Safavian’s Big Day

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We’ve been quiet about it so far, but privately we’ve been training, focusing, air-boxing to the Rocky theme music — let the era of the Abramoff trial begin!

Opening statements in the trial of Abramoff pal David Safavian are tomorrow, and Justin will be there at DC’s E. Barrett Prettyman U.S. Courthouse to get the sights and sounds. (Running up the steps in a sweatshirt — Rising up, back on the street/Did my time, took my chances. . . )

Jack himself won’t be showing up – prosecutors have chosen to let his emails speak for themselves. (As a consolation prize, Rep. Bob Ney’s (R-OH) former staffer Neil Volz will take the stand.) And this isn’t exactly a bribery trial. Safavian, a former General Services Administration official, is charged with lying to GSA ethics officials, the GSA’s Inspector General, and investigators from the Senate Committee on Indian Affairs. So it’s not really a good indicator of how prosecutors will fare in court when they go after members of Congress.But it’s the first Abramoff trial, and the only first Abramoff trial we’re ever going to get. (Doing one-armed pushups in a mountain cabin — Went the distance, now I’m not gonna stop/Just a man and his will to survive. . .)

What to expect? Simply put, Safavian’s lawyers will be arguing that he didn’t lie. Prosecutors will argue that he did. Repeat for two weeks or so.

The whole case (here’s the indictment) revolves around a golf trip to Scotland Safavian took while he was with the GSA. Safavian asked GSA ethics officials if he could fly there on Abramoff’s dime, saying that the lobbyist had “no business before the GSA.” The official said OK based on that assurance. Prosecutors say that was a lie.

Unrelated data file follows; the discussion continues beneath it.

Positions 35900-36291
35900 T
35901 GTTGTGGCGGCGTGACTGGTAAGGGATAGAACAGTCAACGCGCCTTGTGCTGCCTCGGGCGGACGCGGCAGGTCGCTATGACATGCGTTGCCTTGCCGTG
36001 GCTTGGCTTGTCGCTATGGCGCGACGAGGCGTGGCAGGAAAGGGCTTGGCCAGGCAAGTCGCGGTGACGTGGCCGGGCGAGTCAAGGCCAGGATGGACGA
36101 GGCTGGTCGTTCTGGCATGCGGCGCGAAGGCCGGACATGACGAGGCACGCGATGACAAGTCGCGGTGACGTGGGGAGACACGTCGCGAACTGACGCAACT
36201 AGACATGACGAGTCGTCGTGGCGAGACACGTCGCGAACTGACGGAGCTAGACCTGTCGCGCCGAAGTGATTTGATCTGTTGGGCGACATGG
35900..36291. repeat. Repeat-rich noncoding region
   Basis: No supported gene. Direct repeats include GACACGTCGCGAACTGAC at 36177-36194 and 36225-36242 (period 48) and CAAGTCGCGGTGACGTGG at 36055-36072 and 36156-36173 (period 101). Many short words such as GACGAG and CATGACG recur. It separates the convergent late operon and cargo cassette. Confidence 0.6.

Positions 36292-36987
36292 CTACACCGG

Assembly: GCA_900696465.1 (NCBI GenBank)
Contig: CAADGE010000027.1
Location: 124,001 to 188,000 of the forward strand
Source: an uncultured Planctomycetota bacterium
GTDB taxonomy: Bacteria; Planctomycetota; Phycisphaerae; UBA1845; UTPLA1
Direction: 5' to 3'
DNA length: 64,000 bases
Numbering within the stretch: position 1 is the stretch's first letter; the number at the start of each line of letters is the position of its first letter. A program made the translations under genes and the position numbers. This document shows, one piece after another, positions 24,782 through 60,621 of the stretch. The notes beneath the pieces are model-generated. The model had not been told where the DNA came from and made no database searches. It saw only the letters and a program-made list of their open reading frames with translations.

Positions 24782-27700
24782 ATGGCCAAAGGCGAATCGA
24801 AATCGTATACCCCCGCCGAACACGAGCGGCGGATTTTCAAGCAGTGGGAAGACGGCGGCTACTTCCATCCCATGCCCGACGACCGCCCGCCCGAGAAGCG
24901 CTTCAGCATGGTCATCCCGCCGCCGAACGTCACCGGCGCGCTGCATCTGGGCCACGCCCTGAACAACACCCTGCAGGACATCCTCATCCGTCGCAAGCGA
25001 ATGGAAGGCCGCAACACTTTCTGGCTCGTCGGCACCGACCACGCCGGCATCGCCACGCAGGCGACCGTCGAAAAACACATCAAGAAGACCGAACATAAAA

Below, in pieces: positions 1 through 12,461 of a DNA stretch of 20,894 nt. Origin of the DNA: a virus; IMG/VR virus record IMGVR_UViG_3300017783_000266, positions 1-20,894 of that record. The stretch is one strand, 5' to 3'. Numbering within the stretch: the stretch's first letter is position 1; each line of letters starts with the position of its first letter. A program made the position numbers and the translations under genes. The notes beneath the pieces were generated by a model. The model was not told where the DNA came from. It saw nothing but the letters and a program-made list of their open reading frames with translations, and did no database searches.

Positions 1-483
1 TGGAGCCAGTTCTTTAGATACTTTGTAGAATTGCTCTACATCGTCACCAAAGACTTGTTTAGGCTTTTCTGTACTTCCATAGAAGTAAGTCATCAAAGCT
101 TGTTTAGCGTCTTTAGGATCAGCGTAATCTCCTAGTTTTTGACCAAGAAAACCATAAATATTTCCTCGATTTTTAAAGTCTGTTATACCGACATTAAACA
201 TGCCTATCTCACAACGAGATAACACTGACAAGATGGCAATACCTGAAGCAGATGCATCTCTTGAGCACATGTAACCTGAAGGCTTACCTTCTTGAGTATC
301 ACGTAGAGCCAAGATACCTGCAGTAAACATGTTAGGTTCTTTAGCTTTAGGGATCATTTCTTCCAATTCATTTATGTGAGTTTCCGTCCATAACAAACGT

The case expands from there, but that’s the basic issue: the definition of “business.” Safavian, who went way back with Abramoff, was corresponding regularly with him, and giving him all sorts of advice on how to obtain GSA properties (more on that later). Prosecutors say that constitutes business before the GSA – so Safavian lied. Safavian’s lawyer will try to split hairs and argue that Safavian’s help didn’t rise to the technical definition of “business.”

So, yeah, it’s a technicality. But there’s no telling what else prosecutors may pull out of their hat to press their case. We’ll be there to find out. (And he’s watchin’ us all in the eye . . . of the tiger!)

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